- Chronic Fatigue Syndrome (CFS)
- What are the symptoms of chronic fatigue syndrome?
- What causes chronic fatigue syndrome?
- What are the risk factors and complications of chronic fatigue syndrome?
- How is chronic fatigue syndrome diagnosed?
- How is chronic fatigue syndrome treated?
- Prevention and outlook for chronic fatigue syndrome
How is chronic fatigue syndrome diagnosed?
CFS does not have one single test that will allow for the diagnosis thereof to be confirmed. Due to the symptoms of chronic fatigue syndrome mimicking those of a number of other health conditions, patience is often required whilst waiting for your diagnosis.
It is likely that your doctor will first rule out any other diseases and conditions before he or she can diagnose you with CFS. These conditions may include:
- Sleep Disorders – Sleep disorders can cause chronic fatigue as a symptom. Your doctor may conduct an overnight sleep study known as a polysomnogram (PSG). This will record your brain activity, blood pressure, heart rate, eye movements, body movements and oxygen levels. Some disorders that may disturb your sleep are insomnia, sleep apnoea and restless leg syndrome.
- Mental health problems – Anxiety, depression, schizophrenia and bipolar disorder are some conditions that have chronic fatigue as a symptom. A psychologist or psychiatrist is able to determine whether you may have any of these underlying conditions as the cause of your chronic fatigue. The issue with the diagnosis comes in due to chronic fatigue syndrome being able to cause conditions such as depression, therefore adding a complication to the diagnostic process.
- Medical issues – There are a number of medical problems that may result in chronic fatigue as a symptom. These include diabetes, anaemia and hypothyroidism (this is an underactive thyroid). There are lab and blood tests available that can detect any abnormalities in the blood that may be causing certain medical conditions.
Your doctor may perform the following tests in order to diagnose chronic fatigue syndrome:
- There are several conditions that can cause chronic fatigue, therefore tests need to be conducted to exclude these conditions. These tests include:
- Adrenal tests
- Liver function tests
- Thyroid tests
If you have chronic fatigue syndrome, these results will be normal.
- Blood tests will also need to be conducted to help diagnose CFS. Lab tests done on those with CFS have consistently shown that there is an erythrocyte sedimentation rate (ESR) that indicates there is no presence of inflammation, meaning that the ESR is at the extremely low end of a normal reading. An erythrocyte sedimentation rate measures the rate at which the red blood cells settle or sediment over a specific period of time, typically one hour. If the ESR results are elevated or in the range of high to normal, then a diagnosis of CFS is unlikely. Your doctor will also be able to detect other conditions from the blood tests, if these are found then CFS will be ruled out.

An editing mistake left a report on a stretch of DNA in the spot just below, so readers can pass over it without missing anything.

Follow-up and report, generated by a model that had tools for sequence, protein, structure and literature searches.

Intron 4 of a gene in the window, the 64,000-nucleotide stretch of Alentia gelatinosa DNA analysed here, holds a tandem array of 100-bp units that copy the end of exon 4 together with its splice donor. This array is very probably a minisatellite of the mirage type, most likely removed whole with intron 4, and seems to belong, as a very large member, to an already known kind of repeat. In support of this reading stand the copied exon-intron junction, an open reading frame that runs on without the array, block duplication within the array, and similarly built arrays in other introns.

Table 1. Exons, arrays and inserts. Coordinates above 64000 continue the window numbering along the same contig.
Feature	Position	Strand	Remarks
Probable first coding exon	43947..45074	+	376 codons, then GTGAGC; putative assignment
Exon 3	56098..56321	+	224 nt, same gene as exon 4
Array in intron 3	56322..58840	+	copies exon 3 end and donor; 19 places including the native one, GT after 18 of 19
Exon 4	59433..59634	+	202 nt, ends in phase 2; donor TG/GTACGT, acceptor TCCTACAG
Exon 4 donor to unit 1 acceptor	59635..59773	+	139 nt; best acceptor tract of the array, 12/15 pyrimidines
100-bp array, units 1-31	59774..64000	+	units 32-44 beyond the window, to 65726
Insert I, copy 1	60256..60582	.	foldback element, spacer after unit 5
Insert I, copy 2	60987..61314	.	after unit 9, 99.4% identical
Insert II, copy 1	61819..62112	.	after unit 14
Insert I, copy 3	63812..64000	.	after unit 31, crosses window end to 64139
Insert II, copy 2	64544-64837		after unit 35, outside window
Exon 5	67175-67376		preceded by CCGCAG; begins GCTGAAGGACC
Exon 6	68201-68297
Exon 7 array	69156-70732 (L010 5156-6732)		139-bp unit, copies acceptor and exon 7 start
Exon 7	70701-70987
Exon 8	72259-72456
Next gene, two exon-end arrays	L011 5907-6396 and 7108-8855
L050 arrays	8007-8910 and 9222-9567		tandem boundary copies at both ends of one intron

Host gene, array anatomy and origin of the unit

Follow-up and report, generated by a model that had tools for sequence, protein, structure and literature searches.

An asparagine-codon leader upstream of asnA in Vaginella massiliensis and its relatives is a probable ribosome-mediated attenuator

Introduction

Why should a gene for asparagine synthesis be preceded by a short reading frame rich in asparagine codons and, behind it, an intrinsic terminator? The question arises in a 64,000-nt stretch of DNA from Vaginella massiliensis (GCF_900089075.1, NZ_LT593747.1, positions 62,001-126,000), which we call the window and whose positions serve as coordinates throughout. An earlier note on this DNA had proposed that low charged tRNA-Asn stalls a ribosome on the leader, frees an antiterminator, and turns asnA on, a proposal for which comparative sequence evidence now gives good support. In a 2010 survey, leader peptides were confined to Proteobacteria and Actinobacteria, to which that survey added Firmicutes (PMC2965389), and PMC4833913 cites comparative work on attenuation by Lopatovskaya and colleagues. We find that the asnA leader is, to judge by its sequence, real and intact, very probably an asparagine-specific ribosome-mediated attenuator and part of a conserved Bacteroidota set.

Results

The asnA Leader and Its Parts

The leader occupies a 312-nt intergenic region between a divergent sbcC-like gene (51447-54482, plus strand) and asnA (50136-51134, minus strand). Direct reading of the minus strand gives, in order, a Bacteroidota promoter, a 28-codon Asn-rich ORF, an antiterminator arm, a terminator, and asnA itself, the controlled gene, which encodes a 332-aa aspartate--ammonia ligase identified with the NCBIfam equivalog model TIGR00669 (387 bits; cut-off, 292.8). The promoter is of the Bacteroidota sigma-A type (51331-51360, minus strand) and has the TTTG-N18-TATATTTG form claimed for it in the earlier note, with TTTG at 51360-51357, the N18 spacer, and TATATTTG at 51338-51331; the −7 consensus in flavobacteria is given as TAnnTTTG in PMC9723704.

- Your doctor may also order tests known as antibody tests that will aid in determining whether there have been any previous infections such as pneumonia, Epstein-Barr virus (EBV) or Lyme disease that have caused your chronic fatigue.
Your doctor may perform the following imaging studies in order to diagnose chronic fatigue syndrome:
- Imaging tests such as an MRI (magnetic resonance imaging) - this is a type of scan that makes use of magnetic fields as well as radio waves that will create detailed visuals of the inside of your body, the MRI scanner consists of a large tube that contains very powerful magnets, you will lie down inside of this tube for the scan. A CT (computed tomography) scan may also be conducted, this is a type of X-ray. These screening tests will allow for your doctor to rule out any other conditions or disorders of your CNS (central nervous system). If you have CFS the results of the tests will be normal.
- Another form of a screening test is known as a positron emission tomography and/or a single-photon emission computed tomography. This test allows for any areas of the brain in the temporal/frontoparietal region with decreased blood flow to be detected. If there is a decreased amount of blood flow in this area, this will explain any cognitive issues experienced due to chronic fatigue syndrome.
As previously mentioned, in order for the diagnostic criteria for CFS to be met, you will need to have experienced inexplicable, persistent fatigue for at least six months or longer. Along with this, you will need to meet a minimum of four of the below symptoms (these have been previously mentioned in symptoms section):
- A sore throat
- Cognitive issues (battling with concentration and memory)
- Muscle pain that is unexplained
- Inflamed lymph nodes in the armpits or neck
- Joint and muscle pain moving from one area to another with no visible redness or swelling
- Unrefreshing sleep
- Extreme exhaustion that lasts for longer than a period of 24 hours after mental or physical exercise
- Headaches with different patterns and severity to those you’ve previously encountered
Chronic fatigue often accompanies several different medical disorders and is therefore not always an isolated symptom. In cases such as these, doctors have stated that a more appropriate term for the condition may be that of chronic multifactorial fatigue.